The modern world is flush with technology jargon, and new ones keep entering our lexicon: Digital Transformation, the Fourth Industrial Revolution, and Generative Artificial Intelligence are just a few examples. And as often happens with overused words and phrases, we become very comfortable with these to the point that they soon become a part of the background noise.
Big Data, first coined in the early nineties represents one of the earliest concepts shaping the modern data driven and connected world.
Big Data is the growing amount of information that people, organisations, and sensors generate. When data is generated, copied, and transmitted over the Internet, the volume of data expands dramatically. And when the information is stored and processed, it is likely to be massively magnified again. The result is that a vast and growing volume of data in the world is waiting to be analysed and used.
How does Big Data impact our surroundings?
Big Data Explained
The world generates 328.77 million terabytes of data daily, according to Exploding Topics. One can conservatively store 45 4K-resolution movies in one terabyte. IMDb, the leading movie database, has 640,000 movie entries, which would require around 15,000 terabytes to store 4K versions of each film. We can duplicate all those movies twenty thousand times to match a single day of global data.
Most of this data is Big Data, which is distinct from traditional data.
Traditional data is structured and collected for specific actions and tasks. Big Data, on the other hand, is unstructured and ordered in bulk for analysis and insights. Traditional data also tends to be processed in a centralised way. Data is stored in databases that a single organisation manages. Big Data is distributed across many different organisations.
Big Data is often characterised by three V’s: Volume, Variety, and Velocity. Volume refers to the fact that a huge amount of data is being generated. Variety refers to the fact that data comes in many different types, originating from various sources and other formats. Velocity refers to the fact that data is arriving and being generated at an ever-increasing rate.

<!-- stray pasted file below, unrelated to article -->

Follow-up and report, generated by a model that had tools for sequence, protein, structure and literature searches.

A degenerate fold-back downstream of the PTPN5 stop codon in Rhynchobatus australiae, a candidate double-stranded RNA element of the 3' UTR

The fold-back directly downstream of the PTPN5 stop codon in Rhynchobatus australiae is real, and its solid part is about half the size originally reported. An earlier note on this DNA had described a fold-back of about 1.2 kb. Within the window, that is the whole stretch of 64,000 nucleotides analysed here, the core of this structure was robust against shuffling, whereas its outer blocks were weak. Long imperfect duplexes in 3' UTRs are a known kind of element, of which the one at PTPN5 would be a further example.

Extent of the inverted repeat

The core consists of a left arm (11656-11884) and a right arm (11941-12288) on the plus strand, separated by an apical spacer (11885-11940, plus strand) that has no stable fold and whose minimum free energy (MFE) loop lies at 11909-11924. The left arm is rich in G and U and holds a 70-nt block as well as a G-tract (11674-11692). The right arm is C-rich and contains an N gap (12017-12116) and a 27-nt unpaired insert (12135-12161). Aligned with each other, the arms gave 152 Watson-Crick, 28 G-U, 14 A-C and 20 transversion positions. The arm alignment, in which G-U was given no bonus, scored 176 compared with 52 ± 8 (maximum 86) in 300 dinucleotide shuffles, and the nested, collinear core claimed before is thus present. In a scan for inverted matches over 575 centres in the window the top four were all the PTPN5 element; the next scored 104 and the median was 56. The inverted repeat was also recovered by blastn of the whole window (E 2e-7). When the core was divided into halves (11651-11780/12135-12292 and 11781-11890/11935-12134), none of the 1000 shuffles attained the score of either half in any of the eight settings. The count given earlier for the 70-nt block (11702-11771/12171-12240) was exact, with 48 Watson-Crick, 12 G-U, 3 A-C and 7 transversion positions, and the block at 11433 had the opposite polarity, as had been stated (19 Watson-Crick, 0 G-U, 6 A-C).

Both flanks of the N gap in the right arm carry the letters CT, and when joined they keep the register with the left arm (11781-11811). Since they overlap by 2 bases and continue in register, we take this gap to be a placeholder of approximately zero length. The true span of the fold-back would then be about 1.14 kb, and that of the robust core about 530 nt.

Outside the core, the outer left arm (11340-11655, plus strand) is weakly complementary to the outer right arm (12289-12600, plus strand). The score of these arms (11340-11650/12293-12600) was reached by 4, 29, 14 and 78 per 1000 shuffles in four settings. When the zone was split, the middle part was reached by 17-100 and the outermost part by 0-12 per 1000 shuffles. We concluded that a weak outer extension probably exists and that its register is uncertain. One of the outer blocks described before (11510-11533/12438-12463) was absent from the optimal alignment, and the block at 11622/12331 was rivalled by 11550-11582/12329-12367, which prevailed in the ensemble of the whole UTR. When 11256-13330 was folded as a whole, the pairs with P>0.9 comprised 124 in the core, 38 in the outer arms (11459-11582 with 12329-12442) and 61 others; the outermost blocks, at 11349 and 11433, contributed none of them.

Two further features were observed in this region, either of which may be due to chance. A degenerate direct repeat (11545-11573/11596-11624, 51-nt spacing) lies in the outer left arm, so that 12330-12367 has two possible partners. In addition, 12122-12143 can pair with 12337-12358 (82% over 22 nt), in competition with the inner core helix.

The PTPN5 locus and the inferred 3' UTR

Yet what is the use of all that data?
Big Data is essential because it gives us insights into every aspect of our lives and our world. It helps us to understand ourselves, our health, our finances, our relationships, and our behaviour. It gives us insights into our climate, environment, and wildlife. It helps businesses make better decisions and improve their operations. It helps us understand our markets, customers, and supply chains. It helps us better understand our communities, infrastructure, and environment.
Big Data in the Real World
Big Data is already mainstream ; numerous sectors rely on it to improve their performance and insights. There are ample examples in healthcare, financial services, entertainment, marketing, logistics, retail, and practically all other industries. The Fourth Industrial Revolution and the Internet of Things rely wholly on Big Data. Big Data makes our daily lives easier, such as with vehicle insurance.
DSG, in partnership with Zendrive, offer an IQL (Insurance Qualified Leads) Ecosystem in South Africa which uses Big Data from multiple sensors on a mobile device to assess a driver’s behaviour and, therefore, risk, and we match insurance companies that are interested in that ‘preferred’ risk. They understand the customer’s driving behaviour via a 30-day trial, and then provide the consumer with a personalised quote from the insurance company interested in the risk, which is personalised and cost-effective.
One can find parallels with health insurers tracking gym attendance or how a streaming service recommends shows. Big Data helps companies create efficient fleets, prevent equipment failure, test service concepts, and more: it covers efficiency, innovation and risk-reduction requirements.
As new technologies emerge even more data will be generated . Since more data is generated more powerful technologies and tools to analyse it will emerge. Big Data will continue to transform nearly every industry and impact everyone. It’s how we’re changing the world, and the people changing their world, take Big Data very seriously.
- Yaron Assabi, founder of Digital Solutions Group (DSG)